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Marathoner Ashley Liew’s account of act of sportsmanship at 2015 SEA Games ‘untrue’, claims gold medallist Soh

SINGAPORE — Three years after marathoner Ashley Liew was awarded the Pierre de Coubertin World Fair Play Trophy for his act of sportsmanship, SEA Games double gold medallist Soh Rui Yong has disputed Liew’s account of events during the men’s marathon final at the 2015 SEA Games.

Marathoner Ashley Liew’s account of act of sportsmanship at 2015 SEA Games ‘untrue’, claims gold medallist Soh

Ashley Liew’s athlete management team, ONEathlete Team, stood by its runner, as it noted that Soh’s allegations have “no material basis”.

SINGAPORE — Three years after marathoner Ashley Liew was awarded the Pierre de Coubertin World Fair Play Trophy for his act of sportsmanship, SEA Games double gold medallist Soh Rui Yong has disputed Liew’s account of events during the men’s marathon final at the 2015 SEA Games.

But Liew’s athlete management team, ONEathlete Team, said the allegations have “no material basis”, and questioned Soh’s motives, noting that this is not the first time that the runner has adopted a “controversial and provocative stance towards fellow athletes”.

The Singapore National Olympic Council (SNOC), which nominated Liew for the award, also stood by its decision in a statement on Sunday (Oct 21).

At the 2015 SEA Games in Singapore, Liew suddenly found himself leading the 12-strong field in the men’s marathon by about 50m after his rivals missed a U-turn and took the wrong path. He said then that he slowed down to almost a crawl in order to wait for them to catch up.

Soh eventually claimed the gold medal in 2hr 34min 56sec, while Thailand’s Srisung Boonthung and Hoang Nguyen Thanh of Vietnam finished second and third respectively.

Liew’s actions were widely publicised and earned him kudos from many Singaporeans, including a mention by Prime Minister Lee Hsien Loong at the National Day Rally two months later. He was recognised by the SNOC in 2016 with a special award for sportsmanship at the Singapore Sports Awards.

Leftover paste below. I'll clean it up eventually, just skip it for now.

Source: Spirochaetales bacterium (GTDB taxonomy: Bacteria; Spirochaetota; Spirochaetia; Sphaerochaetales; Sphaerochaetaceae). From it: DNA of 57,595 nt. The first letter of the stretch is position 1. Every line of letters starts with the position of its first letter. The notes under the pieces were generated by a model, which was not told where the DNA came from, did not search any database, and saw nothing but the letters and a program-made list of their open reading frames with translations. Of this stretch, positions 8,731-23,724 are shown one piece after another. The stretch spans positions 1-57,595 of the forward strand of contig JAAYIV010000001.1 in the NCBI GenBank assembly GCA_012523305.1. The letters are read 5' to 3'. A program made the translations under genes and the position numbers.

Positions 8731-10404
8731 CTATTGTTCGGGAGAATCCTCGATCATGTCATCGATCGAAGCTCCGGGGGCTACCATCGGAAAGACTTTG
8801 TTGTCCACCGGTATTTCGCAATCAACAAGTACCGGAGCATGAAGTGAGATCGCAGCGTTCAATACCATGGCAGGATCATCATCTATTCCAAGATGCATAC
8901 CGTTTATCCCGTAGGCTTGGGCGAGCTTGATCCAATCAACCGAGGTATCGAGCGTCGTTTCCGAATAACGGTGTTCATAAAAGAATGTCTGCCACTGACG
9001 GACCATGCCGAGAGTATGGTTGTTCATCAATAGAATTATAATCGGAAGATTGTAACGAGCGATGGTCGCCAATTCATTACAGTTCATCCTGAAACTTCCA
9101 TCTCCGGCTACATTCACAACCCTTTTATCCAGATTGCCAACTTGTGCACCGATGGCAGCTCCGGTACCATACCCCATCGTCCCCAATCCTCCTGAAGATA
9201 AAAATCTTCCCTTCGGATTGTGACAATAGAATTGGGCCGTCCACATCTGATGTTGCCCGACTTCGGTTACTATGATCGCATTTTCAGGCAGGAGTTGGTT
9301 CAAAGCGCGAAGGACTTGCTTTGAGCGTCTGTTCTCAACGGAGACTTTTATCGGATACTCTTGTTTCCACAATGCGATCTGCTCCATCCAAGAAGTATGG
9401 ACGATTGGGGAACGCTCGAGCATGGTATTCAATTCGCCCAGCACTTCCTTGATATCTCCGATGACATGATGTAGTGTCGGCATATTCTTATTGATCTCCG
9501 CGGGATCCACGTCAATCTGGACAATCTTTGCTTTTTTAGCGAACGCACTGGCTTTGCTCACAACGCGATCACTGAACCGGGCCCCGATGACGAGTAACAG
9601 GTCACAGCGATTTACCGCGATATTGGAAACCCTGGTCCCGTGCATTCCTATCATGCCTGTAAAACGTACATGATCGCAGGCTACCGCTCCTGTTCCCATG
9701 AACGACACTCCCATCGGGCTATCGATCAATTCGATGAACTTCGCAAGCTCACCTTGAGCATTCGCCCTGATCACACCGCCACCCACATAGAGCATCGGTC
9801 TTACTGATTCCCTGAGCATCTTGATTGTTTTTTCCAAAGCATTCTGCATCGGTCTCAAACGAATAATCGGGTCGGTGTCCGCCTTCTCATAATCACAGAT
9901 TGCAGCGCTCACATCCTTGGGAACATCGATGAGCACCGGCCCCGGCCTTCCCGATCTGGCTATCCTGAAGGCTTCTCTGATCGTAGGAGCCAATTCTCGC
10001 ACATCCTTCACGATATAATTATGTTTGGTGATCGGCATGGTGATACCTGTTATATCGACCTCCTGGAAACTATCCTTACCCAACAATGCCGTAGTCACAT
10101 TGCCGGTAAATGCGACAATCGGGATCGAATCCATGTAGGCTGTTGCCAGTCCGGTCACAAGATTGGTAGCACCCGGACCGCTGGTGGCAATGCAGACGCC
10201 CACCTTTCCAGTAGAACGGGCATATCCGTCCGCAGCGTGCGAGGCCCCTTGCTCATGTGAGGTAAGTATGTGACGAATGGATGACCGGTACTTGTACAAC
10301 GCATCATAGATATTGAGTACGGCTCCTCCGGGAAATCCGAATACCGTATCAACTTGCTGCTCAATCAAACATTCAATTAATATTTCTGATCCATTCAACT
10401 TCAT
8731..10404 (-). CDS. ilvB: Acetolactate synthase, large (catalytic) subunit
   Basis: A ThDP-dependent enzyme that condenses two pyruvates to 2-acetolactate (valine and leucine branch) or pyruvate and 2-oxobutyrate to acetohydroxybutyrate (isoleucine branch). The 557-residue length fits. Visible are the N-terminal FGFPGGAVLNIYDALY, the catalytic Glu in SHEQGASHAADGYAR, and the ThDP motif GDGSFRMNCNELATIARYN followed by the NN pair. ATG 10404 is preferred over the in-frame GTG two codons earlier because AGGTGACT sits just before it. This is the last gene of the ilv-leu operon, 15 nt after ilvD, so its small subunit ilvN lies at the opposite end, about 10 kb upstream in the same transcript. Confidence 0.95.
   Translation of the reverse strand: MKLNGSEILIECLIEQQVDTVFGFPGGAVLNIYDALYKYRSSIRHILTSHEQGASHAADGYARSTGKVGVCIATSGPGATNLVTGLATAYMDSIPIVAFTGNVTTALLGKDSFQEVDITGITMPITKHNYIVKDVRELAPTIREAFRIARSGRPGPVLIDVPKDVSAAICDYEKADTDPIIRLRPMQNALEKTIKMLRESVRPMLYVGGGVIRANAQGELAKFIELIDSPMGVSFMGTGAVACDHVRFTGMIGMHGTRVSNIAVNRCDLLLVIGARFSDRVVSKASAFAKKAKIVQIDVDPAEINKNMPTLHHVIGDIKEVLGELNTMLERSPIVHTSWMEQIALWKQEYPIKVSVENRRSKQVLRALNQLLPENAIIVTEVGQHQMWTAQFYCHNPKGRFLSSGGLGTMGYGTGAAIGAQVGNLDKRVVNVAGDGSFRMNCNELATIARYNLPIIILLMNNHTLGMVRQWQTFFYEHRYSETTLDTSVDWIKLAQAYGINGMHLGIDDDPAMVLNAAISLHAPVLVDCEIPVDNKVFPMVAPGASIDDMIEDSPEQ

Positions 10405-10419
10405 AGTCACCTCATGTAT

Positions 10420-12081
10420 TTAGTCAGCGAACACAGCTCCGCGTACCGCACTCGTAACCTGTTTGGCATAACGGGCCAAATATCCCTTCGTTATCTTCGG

In October that year, he was awarded the accolade in the category of “Act of Fair Play” by the International Committee for Fairplay, which recognises acts of fair play by athletes or sports teams.

However, Soh alleged that Liew’s account of the race — and his act of sportsmanship — was “untrue” in a Facebook post on Sunday. He made the comment after an Oct 13 post by the International Fair Play Committee on their Facebook page, which called Liew a role model for fair play.

He wrote: “I was third place in that race when we took the wrong turn. When we turned around perhaps 50m into the wrong turn, Ashley was already running in the other direction. We took quite a while to catch up to him (at least one to two minutes), he certainly did not stop or slow down to wait for us.

“Until today, there remains no evidence (video, statements from marshalls at the U-turn etc) of this supposed act of sportsmanship, apart from Ashley's own claim.”

As media reports then said that Liew could have missed out on a medal due to his selfless act, Soh said this was “disrespectful to the efforts of the bronze medallist” as Liew had only gained a “maximum 20 to 30 seconds when the leaders ran an extra 100m due to the wrong turn”. He also pointed out that Hoang had finished third in 2:37:10, over  six minutes ahead of Liew who placed eighth in 2:44:02.

When contacted, Soh said he did not raise any alarm three years ago as he felt that his teammate needed a reason to “feel better” about his race performance.

He added: “He can say what he wants to make himself feel better, and then this thing went viral, and he was awarded a medal (for sportsmanship).

“While making a good story, it is simply not true… People kept buying into it, and I think enough is enough.”

Soh also said that he has "seen the good in Ashley as a runner and a person", stressing that Liew "has enough accomplishments to live by and doesn't need to rely on this story".

A member of the running community — who declined to be named — who witnessed the U-turn incident in 2015 told TODAY that there was some confusion initially when the leading race pack, which included Soh, went the wrong way at East Coast Park. As supporters had shouted at the leading runners to turn back, some of trailing runners slowed down due to the confusion.

However, he said that he did not see Liew stopping or slowing down for his rivals immediately after the incident, though he added that he could not see if that had occurred later in the race.

In its statement, ONEathlete Team said that it stands by Liew, as well as the decision by the SNOC and International Committee for Fairplay to nominate and confer Liew the award.

It is public knowledge that this is not the first time Soh has adopted a controversial and provocative stance towards fellow athletes,” said the statement.

“His actions speak contrary to his purported claims of professional camaraderie, teamwork and integrity.

“We also note that there is no material basis in Soh’s allegations that warrants any further comments. Soh’s actions are unhelpful at best, and spurious at worst.”

An SNOC spokesperson said in a statement: “We are proud of Ashley Liew and gratified that his act of sportsmanship, which was verified, has earned his recognition on the world stage by the International Fair Play Committee.

“The SNOC also recognised his act of sportsmanship with a special award in 2016, an accolade which we remain proud to have given him.”

TODAY has also reached out to the International Committee for Fairplay for comment.

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